In many organizations, bad managers are rampant. A bad manager can be defined as someone who works solely based on their own emotions and has great problems with employees who often need a more logical, unemotional, and objective leader. They come in all shapes and sizes. These bad traits can be corrected through the proper and consistent application of management skills. Sometimes these bad traits are signs that can help us learn where we are on the path, and change course if we need too. You’ll find that most bad managers have the following character traits.
Poor Listening Skills and Observation
Whether it’s for lack of time or that they believe they know it all, bad managers are terrible listeners and observers. They assume that they have enough information to make good decisions and charge ahead without consideration of the unknown. But nothing is ever as it seems, and taking things at face value is usually a critical mistake. It’s important to discover, and uncover, by listening to what others have to say (which often requires probing questions), and to be acutely aware of the actions and interactions taking place in the world around us.
Lack of Understanding
Empathy is the ability to see something from another person’s point of view. It takes humility and confidence to look through another’s eyes – two things that bad managers lack. But without understanding, there can be no growth, only the imposition of management’s will.
They Don’t Act – They React
Perceiving that something will be needed is a lot different than realizing it was needed after the fact. Good managers anticipate and act preemptively, addressing issues before they arise, which is both effective and efficient. Bad managers are unable, or refuse to see the signs and allow issues to reach the critical point before they address them. Dealing with issues after the fact takes time and energy, and it communicates a lack of control which can, in turn, reduce confidence in the manager by those who are impacted.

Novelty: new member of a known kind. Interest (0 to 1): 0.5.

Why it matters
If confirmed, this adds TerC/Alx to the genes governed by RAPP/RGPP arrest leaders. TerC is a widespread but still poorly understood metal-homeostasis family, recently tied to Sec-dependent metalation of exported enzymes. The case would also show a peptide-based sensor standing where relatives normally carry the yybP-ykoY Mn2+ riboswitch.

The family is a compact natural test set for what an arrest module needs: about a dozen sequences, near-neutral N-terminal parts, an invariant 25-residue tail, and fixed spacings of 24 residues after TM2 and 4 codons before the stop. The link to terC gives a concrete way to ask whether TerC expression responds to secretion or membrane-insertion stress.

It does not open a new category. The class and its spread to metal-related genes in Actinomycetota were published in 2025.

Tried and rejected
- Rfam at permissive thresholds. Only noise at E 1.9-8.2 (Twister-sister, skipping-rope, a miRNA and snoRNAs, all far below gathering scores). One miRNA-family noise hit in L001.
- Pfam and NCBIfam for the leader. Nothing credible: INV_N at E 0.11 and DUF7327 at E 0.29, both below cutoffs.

Failure to Delegate
Good managers empower others to use their strengths for the good of the organization. Bad managers assume they are the only one capable of doing things right. The result is that they micro-manage, forcing others to function in ways that are not native, natural, or productive. This also ends up consuming large amounts of the manager’s own time.
Lack of Thoughtful Praise and Recognition
If bad managers give praise at all it is usually forced, insincere, or inaccurate. People know when they’re being patronized. It’s not enough just to recognize someone – the recognition has to be thoughtful and given in a way that shows the genuine appreciation of the giver. When done correctly it motivates and builds confidence. When done poorly, it fosters resentment and dissension.
If you find yourself committing any of these mistakes, take a moment to examine your motivations. It may be that you’re not allowing yourself enough time to pay attention. It’s surprising how simply identifying a deficit and becoming conscious of it as it occurs can correct the situation. Management training is a useful tool for remedying these shortcomings. With effective management methods and techniques you can be a better manager.
Bad managers written by: alexmount edited by: lukensurge